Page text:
Blackphone announced; claims to offer more security and privacy

In the face of more and more people afraid that government organizations like the National Security Agency spy on their smartphone activities, two companies have announced plans to offer a handset that they claim will offer more privacy and security than other similar products.

Silent Circle and Geeksphone revealed today some of the first details on what they ominously call Blackphone. The companies claim it will offer its owners "the ability to make and receive secure phone calls, exchange secure texts, transfer and store files, and video chat without compromising user privacy on the device." The handset is supposed to use an Android variant called PrivatOS.

The official Blackphone website adds that the device will be an unlocked smartphone that will work with any GSM-based wireless carrier. The site declines to offer hardware specs, saying only, "Performance benchmarks put it among the top performers from any manufacturer." More information about Blackphone is supposed to be shown during the World Mobile Congress in Barcelona and pre-orders will begin on the first day of the trade show on February 24th. There is no word yet on pricing nor any information on a specific launch date for the phone.

Image via Silent Circle and Geeksphone

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26 Comments

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This wont work, as soon as they go on sale someone will tear it apart figure out exactly how it works and have a by-pass in weeks after it's release.... But hey, they have to try, give the public some hope.. LOL...

Exactly how do they plan on backing up their claim? It's not as though tracked info is public to either prove or disprove.

A secure phone only means it may be difficult (if not impossible) to break into forensically... If it's using fcc controlled airwaves, which it kinda HAS to... the NSA can still hack the data stream between the phone and the cell tower.

I asked this above as well. Is the NSA able to crack all existing encryption schemes, that too in a time frame short enough so they can take counter-action if needed?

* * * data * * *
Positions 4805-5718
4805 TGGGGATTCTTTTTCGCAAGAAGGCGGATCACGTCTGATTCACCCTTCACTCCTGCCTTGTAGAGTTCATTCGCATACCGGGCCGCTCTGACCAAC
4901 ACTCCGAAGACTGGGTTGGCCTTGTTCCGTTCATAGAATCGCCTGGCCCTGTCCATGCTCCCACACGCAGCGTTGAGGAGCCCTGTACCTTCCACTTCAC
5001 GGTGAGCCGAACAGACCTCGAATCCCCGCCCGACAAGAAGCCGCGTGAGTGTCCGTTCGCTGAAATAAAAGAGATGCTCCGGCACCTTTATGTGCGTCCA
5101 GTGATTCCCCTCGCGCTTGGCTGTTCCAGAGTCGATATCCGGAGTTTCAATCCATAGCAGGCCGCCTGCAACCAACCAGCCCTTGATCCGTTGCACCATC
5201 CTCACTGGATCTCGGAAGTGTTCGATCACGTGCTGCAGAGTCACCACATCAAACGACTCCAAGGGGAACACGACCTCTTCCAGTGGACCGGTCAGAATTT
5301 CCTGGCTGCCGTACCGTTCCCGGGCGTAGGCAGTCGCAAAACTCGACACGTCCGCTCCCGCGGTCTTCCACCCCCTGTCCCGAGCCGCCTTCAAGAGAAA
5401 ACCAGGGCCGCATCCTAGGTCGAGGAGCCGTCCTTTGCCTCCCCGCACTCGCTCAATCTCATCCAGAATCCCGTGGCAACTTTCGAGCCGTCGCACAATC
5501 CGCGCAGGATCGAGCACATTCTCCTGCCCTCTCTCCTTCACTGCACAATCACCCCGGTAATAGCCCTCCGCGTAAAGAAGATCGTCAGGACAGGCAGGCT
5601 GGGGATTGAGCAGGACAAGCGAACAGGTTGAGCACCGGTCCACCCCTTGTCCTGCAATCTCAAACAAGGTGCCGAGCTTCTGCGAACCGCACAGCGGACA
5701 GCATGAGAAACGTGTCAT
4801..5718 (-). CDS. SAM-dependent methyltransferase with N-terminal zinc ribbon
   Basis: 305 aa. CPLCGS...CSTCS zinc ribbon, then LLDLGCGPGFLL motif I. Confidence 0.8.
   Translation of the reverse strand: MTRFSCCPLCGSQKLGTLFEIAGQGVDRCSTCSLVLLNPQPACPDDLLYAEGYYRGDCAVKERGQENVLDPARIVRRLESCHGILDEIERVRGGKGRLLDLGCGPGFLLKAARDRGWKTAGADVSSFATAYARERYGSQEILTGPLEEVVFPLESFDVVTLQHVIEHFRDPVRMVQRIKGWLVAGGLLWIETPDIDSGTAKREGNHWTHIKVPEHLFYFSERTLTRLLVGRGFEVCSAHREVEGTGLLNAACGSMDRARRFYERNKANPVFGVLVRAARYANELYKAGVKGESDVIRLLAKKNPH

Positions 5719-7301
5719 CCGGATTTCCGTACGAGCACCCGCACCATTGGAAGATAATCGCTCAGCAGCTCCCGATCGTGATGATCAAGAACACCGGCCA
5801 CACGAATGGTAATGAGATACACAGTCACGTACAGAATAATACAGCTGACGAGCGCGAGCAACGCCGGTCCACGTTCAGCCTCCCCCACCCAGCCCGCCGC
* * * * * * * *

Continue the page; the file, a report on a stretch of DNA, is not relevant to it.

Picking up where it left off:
I'm sorry but "Android" and "more security and privacy than other..." simply do not go together, at least not yet. It may have security features and add-ons, but no matter how much you customize it, Google still has control and the NSA legally has a certain extent of access too.

It's a gimmick and will probably be the same than using any phone OS you use.

This is nothing new. The military has already done this and are using secure android devices. What the beauty of Android is...you can modify it to suit your needs.

Well you must give your name and details when you get it from a network and it has an IME number. Moreover you must register your telephone line so I am not sure how private it is.

Privacy in terms of the communication content obviously. Only a crazy person would think they're offering to make your identity magically unknown to all.

So companies I've never heard of are trying to assure me I would have total privacy if I were to use their phone .........ssssuuuuuurrreeeeee.

But I'm actually kinda surprised none of the known security software firms haven't thought of doing something similar before

Doesn't matter how secure the phone is, *IF* the NSA has access to the carrier/Telco data system then it won't do any good.

Any app you install that requires access to some of your data, *IF* the NSA has access to their system then it won't do any good.

Privacy is a myth nowadays.

wrack said,
Doesn't matter how secure the phone is, *IF* the NSA has access to the carrier/Telco data system then it won't do any good.
Are you saying they can crack any and all encryption schemes?

Romero said,
Are you saying they can crack any and all encryption schemes?

*IF* they had the access to the data it implies that the other party gave (were forced) them UN-encrypted data!

wrack said,

*IF* they had the access to the data it implies that the other party gave (were forced) them UN-encrypted data!
So you're assuming the carrier/telco has access to unencrypted data in this case? How, using magic?

So if it's secure than that must mean it's completely incompatible with every other phone on the market so it'd only be compatible with someone using the same phone.
Gimmick.

I think many of us realize the next big industry, for the U.S. at least, will be actual privacy products and services that hit the mark. It'll be interesting to see proprietary vs open source as Lavabit type ethics seem to be the exception, not the rule.

I don't. Of course, it is only a good business move to try and capitalize the big scare, but it's a short-term thing, one-shot even. Privacy is not convenient to most parties in long term and doesn't bring money otherwise.

Actually, it's already emerging and if you take a closer look you'll see it more clearly...or maybe you won't, doesn't matter it's happening.